6. What does the school prioritise in its ethos?

Schools can vary remarkably in terms of their ethos, which can be a result of long-standing tradition or simply reflect the attitudes of the current headteacher. Some will apply more academic pressure than others; some more pressure to succeed in music, sports or extracurriculars; and some will avoid placing pressure on their students wherever possible. Some will be full of loud, enthusiastic pupils; others will prefer quiet. Some will punish minor infractions harshly to discourage rule-breaking; others will be more lax.

Does the school place a heavy emphasis on sport, for instance?

You probably have a good idea of what’s right for your child already; the difficulty can be figuring it out. Schools that lean to the extreme ends of any of the above options will be happy enough to let you know, but most mainstream schools fall nearer to the middle. Almost all ethos statements from UK schools will talk about celebrating diversity, encouraging confidence in their pupils and building a community, for instance, but it’s also clear that some schools fulfil these aims better than others.
Practical questions may help (you could ask about typical punishments for things like forgetting homework, or what steps the school takes if pupils aren’t achieving their predicted grades), as can asking around in case you already know people with children at the school in question, but beyond that, it’s up to you to read between the lines and get a sense of the school for yourself.
 

7. What percentage of pupils stay on from Year 11 to the Sixth Form?

The end of Year 11 (or equivalent) is a real turning-point for many students.

Changing schools is disruptive, and in areas where the best schools are oversubscribed, can be quite a challenge. As a result, pupils tend not to move between schools unless they’re significantly unhappy. The exception is the move from Year 11 to the Sixth Form, when it’s easier to move around as places open up (for instance, as a result of pupils leaving to take up non-academic paths such as apprenticeships), and continuity is less important.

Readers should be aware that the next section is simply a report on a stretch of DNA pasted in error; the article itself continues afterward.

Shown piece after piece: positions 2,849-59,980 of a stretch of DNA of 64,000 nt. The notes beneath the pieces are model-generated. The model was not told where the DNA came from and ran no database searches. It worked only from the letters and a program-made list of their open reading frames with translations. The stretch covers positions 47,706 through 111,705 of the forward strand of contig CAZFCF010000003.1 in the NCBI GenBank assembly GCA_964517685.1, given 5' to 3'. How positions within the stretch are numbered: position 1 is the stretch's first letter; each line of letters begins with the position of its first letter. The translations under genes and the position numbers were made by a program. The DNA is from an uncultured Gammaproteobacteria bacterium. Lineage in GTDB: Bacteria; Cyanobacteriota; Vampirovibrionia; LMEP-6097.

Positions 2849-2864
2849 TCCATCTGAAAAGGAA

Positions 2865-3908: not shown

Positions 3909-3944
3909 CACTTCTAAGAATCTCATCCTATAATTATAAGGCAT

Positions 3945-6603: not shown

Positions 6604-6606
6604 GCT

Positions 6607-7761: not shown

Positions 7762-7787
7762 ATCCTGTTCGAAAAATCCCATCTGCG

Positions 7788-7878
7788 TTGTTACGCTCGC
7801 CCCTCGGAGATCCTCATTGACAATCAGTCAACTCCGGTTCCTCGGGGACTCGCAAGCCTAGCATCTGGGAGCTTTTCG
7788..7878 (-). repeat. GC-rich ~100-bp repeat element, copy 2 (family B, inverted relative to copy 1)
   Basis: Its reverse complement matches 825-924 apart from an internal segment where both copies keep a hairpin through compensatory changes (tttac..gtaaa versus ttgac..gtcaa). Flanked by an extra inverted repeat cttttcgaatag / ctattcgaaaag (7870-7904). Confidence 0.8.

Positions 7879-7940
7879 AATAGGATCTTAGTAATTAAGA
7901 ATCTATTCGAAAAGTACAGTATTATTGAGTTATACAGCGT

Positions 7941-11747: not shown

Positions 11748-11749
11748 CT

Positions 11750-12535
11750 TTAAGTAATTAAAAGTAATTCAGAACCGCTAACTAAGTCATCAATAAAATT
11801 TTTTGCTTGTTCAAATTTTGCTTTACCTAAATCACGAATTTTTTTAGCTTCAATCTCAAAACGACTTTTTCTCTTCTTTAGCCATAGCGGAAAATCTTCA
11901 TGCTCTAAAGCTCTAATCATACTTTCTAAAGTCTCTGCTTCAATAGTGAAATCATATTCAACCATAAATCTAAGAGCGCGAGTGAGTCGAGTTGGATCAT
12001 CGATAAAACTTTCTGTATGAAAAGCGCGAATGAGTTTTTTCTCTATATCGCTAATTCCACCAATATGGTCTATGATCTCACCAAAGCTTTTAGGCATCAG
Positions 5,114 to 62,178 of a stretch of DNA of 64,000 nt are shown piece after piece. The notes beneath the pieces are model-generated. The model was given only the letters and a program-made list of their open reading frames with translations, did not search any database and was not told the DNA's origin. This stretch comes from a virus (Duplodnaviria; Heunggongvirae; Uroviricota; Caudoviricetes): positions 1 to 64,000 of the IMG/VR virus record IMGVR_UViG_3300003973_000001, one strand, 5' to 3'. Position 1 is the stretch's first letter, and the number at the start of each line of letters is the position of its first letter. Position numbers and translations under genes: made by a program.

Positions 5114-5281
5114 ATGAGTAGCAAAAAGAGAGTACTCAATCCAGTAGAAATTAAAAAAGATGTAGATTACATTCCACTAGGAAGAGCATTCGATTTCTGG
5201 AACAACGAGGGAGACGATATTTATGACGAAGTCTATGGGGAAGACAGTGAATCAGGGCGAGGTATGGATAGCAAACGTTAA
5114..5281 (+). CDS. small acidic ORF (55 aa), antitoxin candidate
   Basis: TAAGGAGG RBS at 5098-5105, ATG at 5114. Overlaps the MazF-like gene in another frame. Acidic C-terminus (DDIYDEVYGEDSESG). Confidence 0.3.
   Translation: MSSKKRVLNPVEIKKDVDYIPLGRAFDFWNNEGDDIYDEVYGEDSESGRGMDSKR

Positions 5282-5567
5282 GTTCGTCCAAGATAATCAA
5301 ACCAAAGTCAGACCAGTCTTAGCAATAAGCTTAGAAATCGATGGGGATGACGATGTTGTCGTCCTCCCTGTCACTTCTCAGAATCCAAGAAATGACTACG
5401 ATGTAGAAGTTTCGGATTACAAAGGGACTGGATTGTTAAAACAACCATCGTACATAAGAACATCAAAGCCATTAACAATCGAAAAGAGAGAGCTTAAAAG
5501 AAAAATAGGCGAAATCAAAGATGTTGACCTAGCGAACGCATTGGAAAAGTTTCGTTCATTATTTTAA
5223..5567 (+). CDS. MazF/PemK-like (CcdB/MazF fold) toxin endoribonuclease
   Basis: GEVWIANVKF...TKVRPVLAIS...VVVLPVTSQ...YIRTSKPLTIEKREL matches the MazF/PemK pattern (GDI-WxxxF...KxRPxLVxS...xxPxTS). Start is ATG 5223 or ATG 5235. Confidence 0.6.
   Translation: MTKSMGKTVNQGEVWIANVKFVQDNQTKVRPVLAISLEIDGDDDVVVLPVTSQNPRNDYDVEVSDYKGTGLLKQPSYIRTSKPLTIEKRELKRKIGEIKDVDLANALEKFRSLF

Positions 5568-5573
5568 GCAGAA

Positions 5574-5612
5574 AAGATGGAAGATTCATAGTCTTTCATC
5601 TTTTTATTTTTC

The result is that pupils who aren’t deeply unhappy, but aren’t exactly happy with their school, take the move from Year 11 to the Sixth Form as an opportunity to go somewhere better. If a school holds on to a lot of its pupils going into the Sixth Form, that’s a very good sign – though there are other reasons why some might leave. For instance…
 

8. How broad is the curriculum?

If your child wants to study something like Ancient Greek then you may need to shop around.

Especially following the introduction of academies, schools have a certain amount of leeway in the variety of subjects that they teach. This is particularly true at Sixth Form, which is why some pupils will leave a school that they’re essentially happy with in order to move to a Sixth Form that teaches the subjects that they’re interested in studying.
Larger schools usually teach a greater variety of subjects, because they’re more likely to have enough students to make niche classes worthwhile. However, some smaller schools still manage to teach a broad curriculum, and may even partner with neighbouring schools to share resources and facilities in order to do so.